Europe has promised a 40% emissions cut by 2030, compared to 1990 levels – and the report says this will bring real benefits, including 70,000 full-time jobs, the prevention of around 6,000 pollution-related deaths, and a €33bn cut in fossil fuel imports.

But if emissions were slashed by around 55% – the study’s proposed route for holding global warming to two degrees – those benefits would multiply to $173bn fuel savings, 420,000 full-time clean energy jobs and 46,000 lives saved, its authors say.

31 March is the deadline for developed countries to submit their climate pledges for the conference (so called Intended Nationally Determined Contributions, INDCs), but few have yet done so and nations such as Canada and Japan are expected to miss the bell.

“This report adds to the growing body of evidence that greater climate ambition means better health,” said Anne Stauffer, the deputy director of the Health and Environment Alliance.

“The massive health benefits expected from mitigation action not only include premature deaths avoided but also reduced healthcare costs and increased productivity. This should be welcome news for European decision-makers.”

In other parts of the world, the effects of increased climate ambition would be even more dramatic, according to the New Climate Institute’s (NCI) analysis which uses data from the International Energy Agency.

Putting China on course for a world warmed only by two degrees would save over a million lives and create almost 2m jobs – compared to the 100,000 lives and 500,000 jobs set out in its climate deal with the US.

Comparable figures in the US for a 2C pathway would see 650,000 new jobs created and 27,000 deaths avoided.

“Despite the major achievements of the INDCs, this study has shown that the potential co-benefits of strengthening INDCs to meet a 2C compatible trajectory are many times higher than those already achieved,” the paper says.

Global temperatures have already risen by 0.85 degrees since 1880, according to the UN’s Intergovernmental Panel on Climate Change (IPCC). As the warming effect of CO2 emissions is thought to take a decade to materialise, we may already be committed to over one degree of warming.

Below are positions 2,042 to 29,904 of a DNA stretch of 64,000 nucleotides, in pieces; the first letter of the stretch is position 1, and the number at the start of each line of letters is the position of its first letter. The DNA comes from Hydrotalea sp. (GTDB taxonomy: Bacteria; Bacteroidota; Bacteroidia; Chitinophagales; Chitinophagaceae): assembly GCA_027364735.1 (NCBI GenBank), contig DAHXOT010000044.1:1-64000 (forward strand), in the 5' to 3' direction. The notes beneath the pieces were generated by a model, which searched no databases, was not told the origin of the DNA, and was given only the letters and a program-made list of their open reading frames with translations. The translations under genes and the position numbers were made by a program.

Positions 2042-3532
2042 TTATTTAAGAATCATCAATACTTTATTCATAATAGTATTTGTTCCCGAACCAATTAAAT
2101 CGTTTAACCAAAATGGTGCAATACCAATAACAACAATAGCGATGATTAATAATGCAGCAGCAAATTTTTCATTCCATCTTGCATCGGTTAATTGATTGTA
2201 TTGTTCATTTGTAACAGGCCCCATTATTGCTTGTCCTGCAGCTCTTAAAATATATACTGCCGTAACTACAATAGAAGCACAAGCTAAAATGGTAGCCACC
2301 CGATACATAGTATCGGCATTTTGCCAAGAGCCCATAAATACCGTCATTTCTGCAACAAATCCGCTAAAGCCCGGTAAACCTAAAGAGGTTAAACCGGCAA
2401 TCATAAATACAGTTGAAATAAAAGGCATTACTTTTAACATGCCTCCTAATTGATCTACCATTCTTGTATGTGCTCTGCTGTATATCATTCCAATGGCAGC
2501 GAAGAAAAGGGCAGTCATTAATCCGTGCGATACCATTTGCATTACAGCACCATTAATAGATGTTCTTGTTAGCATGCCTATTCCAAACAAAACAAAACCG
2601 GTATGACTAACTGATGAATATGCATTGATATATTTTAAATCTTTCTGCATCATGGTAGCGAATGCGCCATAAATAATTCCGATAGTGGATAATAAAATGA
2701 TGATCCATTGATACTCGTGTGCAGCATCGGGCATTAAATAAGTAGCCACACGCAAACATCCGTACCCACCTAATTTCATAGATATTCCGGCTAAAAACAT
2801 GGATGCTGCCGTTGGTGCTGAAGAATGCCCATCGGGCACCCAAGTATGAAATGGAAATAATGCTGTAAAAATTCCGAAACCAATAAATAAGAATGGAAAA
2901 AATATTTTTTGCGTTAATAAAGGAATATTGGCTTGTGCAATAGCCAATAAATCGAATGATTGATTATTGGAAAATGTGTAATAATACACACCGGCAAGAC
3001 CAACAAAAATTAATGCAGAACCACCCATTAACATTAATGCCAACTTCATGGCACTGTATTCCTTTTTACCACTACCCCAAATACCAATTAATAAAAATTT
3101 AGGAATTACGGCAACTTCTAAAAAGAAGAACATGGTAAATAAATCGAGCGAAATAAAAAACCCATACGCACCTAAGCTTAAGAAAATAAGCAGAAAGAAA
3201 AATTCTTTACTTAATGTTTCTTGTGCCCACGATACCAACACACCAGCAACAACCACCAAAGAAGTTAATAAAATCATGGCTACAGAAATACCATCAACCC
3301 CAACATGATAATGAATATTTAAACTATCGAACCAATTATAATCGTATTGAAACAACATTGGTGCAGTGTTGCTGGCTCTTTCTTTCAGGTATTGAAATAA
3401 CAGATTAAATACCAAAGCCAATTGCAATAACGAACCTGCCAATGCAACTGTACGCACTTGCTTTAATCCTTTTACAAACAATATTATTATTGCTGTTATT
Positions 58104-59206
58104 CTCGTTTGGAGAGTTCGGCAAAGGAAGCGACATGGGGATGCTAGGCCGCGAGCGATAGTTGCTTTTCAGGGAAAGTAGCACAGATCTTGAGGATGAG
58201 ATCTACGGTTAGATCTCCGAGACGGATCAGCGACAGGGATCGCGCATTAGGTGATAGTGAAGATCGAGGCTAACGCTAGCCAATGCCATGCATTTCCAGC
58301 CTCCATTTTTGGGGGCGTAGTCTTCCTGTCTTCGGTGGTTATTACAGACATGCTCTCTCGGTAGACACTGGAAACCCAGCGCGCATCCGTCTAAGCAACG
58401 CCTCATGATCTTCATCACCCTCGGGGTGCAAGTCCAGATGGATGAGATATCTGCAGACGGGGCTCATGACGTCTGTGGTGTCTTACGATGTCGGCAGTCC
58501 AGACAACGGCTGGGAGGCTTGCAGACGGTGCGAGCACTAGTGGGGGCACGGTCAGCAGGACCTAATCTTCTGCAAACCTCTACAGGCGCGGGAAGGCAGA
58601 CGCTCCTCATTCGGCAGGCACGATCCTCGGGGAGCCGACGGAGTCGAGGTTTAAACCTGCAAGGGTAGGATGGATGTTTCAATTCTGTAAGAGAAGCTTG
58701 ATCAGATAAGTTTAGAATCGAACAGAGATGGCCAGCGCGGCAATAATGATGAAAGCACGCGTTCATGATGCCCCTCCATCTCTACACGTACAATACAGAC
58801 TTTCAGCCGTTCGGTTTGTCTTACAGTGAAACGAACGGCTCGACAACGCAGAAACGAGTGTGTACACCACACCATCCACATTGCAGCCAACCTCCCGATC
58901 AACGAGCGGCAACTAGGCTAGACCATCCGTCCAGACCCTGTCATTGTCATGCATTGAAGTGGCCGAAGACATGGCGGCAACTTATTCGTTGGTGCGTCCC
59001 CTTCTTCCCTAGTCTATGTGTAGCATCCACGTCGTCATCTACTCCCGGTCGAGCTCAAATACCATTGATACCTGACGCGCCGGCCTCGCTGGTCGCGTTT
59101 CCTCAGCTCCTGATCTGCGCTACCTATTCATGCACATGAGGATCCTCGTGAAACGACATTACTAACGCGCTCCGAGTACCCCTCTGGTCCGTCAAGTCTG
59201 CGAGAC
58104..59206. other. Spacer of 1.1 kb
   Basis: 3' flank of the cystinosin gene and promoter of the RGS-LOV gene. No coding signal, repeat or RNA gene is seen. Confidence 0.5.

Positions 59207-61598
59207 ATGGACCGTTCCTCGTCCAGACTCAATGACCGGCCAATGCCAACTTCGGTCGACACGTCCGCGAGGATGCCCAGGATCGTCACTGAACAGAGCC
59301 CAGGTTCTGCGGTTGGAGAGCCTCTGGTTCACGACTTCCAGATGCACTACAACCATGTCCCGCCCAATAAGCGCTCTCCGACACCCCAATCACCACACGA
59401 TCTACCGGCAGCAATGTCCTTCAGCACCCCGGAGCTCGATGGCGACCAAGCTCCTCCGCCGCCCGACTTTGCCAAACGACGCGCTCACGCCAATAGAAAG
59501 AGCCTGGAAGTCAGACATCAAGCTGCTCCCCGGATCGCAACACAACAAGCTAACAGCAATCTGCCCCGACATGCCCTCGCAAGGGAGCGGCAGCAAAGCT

In the long term, that is likely to risk the future of coastal cities such as New York, Shanghai and Calcutta, according to scientists at the Potsdam Institute of Climate Impact Research.

If the planet warms by 2C by 2100, the Royal Society expects to see a third of the world’s currently-cultivated agricultural land disappear, the bleaching of all coral reefs, and an increase in water stress for 410m people.

At a rise of 4C, the limits for human and environmental adaptation are likely to be exceeded in many parts of the world, a 2010 paper by the Society said. It envisaged around half of the world’s current agricultural land becoming unusable, sea level rises of up to two metres, and the extinction of about 40% of the world’s species, as droughts and wildfires ravaged the globe.

“The ecosystem services upon which human livelihoods depend would not be preserved,” the study found.

“Our industries must face the challenge of massive decarbonisation,” said Sharan Burrow, the International Trade Union Confederation’s secretary-general.

“We have the technology and there are millions of jobs possible from the necessary investment and millions more saved if we avoid the devastation of extreme climate change. There are no jobs on a dead planet.”